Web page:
June 22nd, 2011
In The Wall Street Journal today the ever-reliable Walt Mossberg reviews the first Google Chrome computers. Of course the first version ain’t very good, and they really screwed up on the pricing. But it is the future (or part of it, anyway).
The theory is completely credible: Browsers now support all of the core functionality of desktop computers (directly or via “the cloud”). The cloud provides unlimited storage. Therefore the only software you need on your computer is the browser.
Yes. True. But you also need an always-on, high-speed, secure and reliable Internet connection. FAIL! One out of two does not a new computing paradigm make. We’re ever-so-close on the first, and miles away from the second.
But don’t let that obscure the new power of the browser. If you haven’t yet switched to the Google Chrome browser and Gmail-based email, you are failing to comprehend the future of computing and the future of publishing. Full stop. “I’ve got Firefox,” my friends will say. “Nope,” I respond. “It’s second best, but nowhere near good enough. Only with Chrome and only with integrated email services will you get it. Trust me.”
Switching to Chrome is not momentous, but it’s a change, so don’t do it 5 minutes before an important presentation. But do it ASAP.
Once you make the switch you’ll understand why apps generally are overrated and the publishing app is dead. If you can do so much within a single app called a browser, why would you download and “learn” dozens of apps? They make sense on cellphones and for the time being on tablets. They’re just silly toys on real computers.
Apps have the same code overhead as browsers, and so are untenable both for developers and for users.
Forget apps, publishers. Do you really want to develop software for Windows, Mac, Android, Chrome, Blackberry, Windows Phone, Kindle…and then support the revision cycles? Good luck. Apps are software – don’t let the short 3-letter appellation “app” fool you.
App content will return to browser-based reading.
But, they argue, both publishers and readers enjoy the most visually rich content. Readers like it for aesthetic reasons. Publishers see extra advertising dollars in rich content (accurately, one might add).
Yes, they do. But a browser that’s trending towards full HTML5/CSS3 support is nearly as rich programmatically as most publishing apps. Sure, the business model demands greater ingenuity. But that surely is well-balanced by keeping Mr. Jobs from interfering with your business.
June 24: For another take see Can OnSwipe convince media to go web instead of app?
Published June 14: How Publishers Can Bypass Apple with HTML5 Web Apps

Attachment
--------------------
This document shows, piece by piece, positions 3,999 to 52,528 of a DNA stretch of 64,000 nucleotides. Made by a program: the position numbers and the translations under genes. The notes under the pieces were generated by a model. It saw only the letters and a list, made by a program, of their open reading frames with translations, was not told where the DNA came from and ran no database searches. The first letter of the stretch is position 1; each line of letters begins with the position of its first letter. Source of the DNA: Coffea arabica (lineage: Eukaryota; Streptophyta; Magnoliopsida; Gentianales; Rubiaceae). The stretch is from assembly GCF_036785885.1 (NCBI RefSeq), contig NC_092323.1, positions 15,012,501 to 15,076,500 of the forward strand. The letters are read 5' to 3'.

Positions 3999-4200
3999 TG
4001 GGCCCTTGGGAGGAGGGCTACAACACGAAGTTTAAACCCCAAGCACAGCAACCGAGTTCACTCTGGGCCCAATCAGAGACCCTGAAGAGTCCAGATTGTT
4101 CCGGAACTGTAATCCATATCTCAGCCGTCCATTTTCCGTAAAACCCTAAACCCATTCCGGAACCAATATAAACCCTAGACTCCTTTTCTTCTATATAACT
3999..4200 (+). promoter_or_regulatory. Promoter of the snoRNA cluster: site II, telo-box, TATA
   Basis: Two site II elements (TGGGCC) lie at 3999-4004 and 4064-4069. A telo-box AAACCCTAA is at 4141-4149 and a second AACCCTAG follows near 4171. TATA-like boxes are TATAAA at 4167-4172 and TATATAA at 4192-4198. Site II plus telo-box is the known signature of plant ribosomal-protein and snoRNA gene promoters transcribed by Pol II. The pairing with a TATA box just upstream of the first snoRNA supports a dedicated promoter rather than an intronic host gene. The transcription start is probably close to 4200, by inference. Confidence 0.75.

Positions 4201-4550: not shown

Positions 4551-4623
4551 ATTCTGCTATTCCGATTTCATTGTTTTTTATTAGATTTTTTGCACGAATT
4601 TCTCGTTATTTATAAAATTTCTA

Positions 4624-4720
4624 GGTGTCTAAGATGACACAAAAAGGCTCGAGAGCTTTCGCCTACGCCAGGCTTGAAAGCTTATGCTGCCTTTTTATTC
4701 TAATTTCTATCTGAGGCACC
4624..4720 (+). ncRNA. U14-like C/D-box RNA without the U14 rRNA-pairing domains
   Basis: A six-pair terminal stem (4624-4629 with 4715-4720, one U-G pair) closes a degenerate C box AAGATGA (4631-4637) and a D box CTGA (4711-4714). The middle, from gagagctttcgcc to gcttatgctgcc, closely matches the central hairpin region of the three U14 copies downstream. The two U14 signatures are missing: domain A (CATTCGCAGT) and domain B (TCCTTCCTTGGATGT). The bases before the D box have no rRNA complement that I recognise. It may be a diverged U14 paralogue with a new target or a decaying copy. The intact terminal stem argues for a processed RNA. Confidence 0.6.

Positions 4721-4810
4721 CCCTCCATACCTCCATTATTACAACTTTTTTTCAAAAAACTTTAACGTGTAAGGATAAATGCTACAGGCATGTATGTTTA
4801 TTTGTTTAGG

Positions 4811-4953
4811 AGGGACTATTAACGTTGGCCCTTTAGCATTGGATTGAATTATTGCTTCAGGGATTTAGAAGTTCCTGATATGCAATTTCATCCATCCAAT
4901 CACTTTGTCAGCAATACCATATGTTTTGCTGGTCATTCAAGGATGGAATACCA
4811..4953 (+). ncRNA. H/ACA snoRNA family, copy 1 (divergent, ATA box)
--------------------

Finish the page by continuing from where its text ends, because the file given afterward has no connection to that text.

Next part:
June 30: I wrote above that apps “make sense on cellphones.” I believe that they only makes sense on cellphones. Right now if you want to get half-decent content onto a cellphone you essentially need to have an app (most sites aren’t mobile-optimized, so most users don’t bother checking them on the cellphones).
The reason that apps work on cellphones is that they are well-optimized for cellphones ‒ there’s less data overhead than there would be for most browser-based content. And that’s important because the data download on most smartphones is still painfully slow ‒ nowhere near as fast as advertised.
But make no mistake: smartphones are fast becoming the #1 publishing platform in North America. Data released today by Nielsen confirms this: “55 percent of those who purchased a new handset in the past three months reported buying a smartphone instead of a feature phone, up from 34 percent just a year ago.”
June 30, Part 2: Separately today, in the second part of a very good June 7th Jeff Bezos “interview” he noted that “…with the average phone that people have and the average cellular connection that people have, the mobile browsing experience is still a pretty marginal one. That is going to change. Pervasive wireless bandwidth is going to continue to increase and the form factors of the phones, the displays, the battery life. Smartphones are going to get smarter, they’re going to get better. They’re going to be unbelievably good at web browsing…”
I don’t read those remarks as necessarily an endorsement of the browser over the app but rather as an acknowledgement of the current mobile bandwidth challenge and of the promising mobile future.
Published May 26, Nicholas Hall: “Every publication that has built a native app to deliver their content has wasted money they can’t spare.”
July 25, 2011: Apple is providing a very compelling non-technical reason to abandon apps.